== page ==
go under. Small firms tend to keep money in the local economy and also deliver
more unique experiences for tourists. A Tesco store, for example, is the almost
the same across any city or town, but a small shop can, and often does, offer a
variety and experience the bigger shops don't offer. This has been shown time
after time again, in recent years, yet banks and government still see bigger as
better. Why is this? Could it be money or is it that bigger firms have a bigger
say, as they employ more people than a corner shop? Should all the small firms
make better use of the likes of Trade Bodies to get a voice, like employees use
Unions, or will they just be ignored? Well, the big new shiny out of town super
store may be bringing in 150 new jobs, but the local shop only has 6 jobs...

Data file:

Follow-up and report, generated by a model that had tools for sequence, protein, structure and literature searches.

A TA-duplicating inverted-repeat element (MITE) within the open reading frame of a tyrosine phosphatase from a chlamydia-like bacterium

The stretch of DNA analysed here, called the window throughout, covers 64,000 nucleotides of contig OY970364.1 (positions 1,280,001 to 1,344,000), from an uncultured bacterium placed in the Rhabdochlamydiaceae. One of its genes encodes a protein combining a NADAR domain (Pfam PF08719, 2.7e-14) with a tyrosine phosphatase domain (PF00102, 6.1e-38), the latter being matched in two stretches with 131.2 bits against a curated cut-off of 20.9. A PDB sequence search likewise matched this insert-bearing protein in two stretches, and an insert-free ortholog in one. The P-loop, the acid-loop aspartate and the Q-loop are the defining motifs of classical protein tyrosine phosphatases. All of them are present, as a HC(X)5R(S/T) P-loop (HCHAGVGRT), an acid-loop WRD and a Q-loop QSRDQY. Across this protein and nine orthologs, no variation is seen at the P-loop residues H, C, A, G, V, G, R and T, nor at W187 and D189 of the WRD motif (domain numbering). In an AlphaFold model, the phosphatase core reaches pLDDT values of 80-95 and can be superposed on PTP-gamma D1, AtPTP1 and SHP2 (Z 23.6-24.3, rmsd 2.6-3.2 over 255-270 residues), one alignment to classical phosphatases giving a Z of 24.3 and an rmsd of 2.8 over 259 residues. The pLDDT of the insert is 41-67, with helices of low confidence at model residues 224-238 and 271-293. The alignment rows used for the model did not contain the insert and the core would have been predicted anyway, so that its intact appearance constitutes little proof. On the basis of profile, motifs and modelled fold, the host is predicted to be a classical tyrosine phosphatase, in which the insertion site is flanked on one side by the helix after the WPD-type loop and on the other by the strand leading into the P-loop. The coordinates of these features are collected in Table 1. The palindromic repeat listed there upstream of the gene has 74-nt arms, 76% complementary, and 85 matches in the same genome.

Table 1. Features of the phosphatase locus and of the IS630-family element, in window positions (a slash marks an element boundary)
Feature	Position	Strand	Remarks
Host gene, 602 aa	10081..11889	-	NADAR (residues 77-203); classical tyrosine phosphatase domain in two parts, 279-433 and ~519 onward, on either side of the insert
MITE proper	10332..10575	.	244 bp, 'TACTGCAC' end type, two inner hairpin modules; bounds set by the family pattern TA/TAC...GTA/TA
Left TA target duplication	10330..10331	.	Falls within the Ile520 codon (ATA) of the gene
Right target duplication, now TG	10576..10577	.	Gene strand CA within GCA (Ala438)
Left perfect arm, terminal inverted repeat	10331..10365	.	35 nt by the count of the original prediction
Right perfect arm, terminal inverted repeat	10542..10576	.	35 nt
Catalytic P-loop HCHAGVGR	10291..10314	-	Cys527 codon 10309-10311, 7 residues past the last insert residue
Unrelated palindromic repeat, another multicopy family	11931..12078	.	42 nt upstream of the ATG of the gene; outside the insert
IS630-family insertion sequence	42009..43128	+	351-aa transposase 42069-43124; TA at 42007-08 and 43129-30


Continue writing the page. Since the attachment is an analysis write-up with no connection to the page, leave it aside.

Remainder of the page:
Interestingly, since 2008 the continuing financial crisis is radically changing
the world of work. Should there be significant interventions to address the
grievances of small businesses, for example helping them to develop IT skills
and online shopping to help them compete against the international firms who
often have undercutting advantages of scale over small businesses .
Incidentally, a significant number of these giants contribute a much lower
return in taxes relative to their takings, to the national economy, and their
profits, gleaned within the UK, will be spread far beyond these shores. Are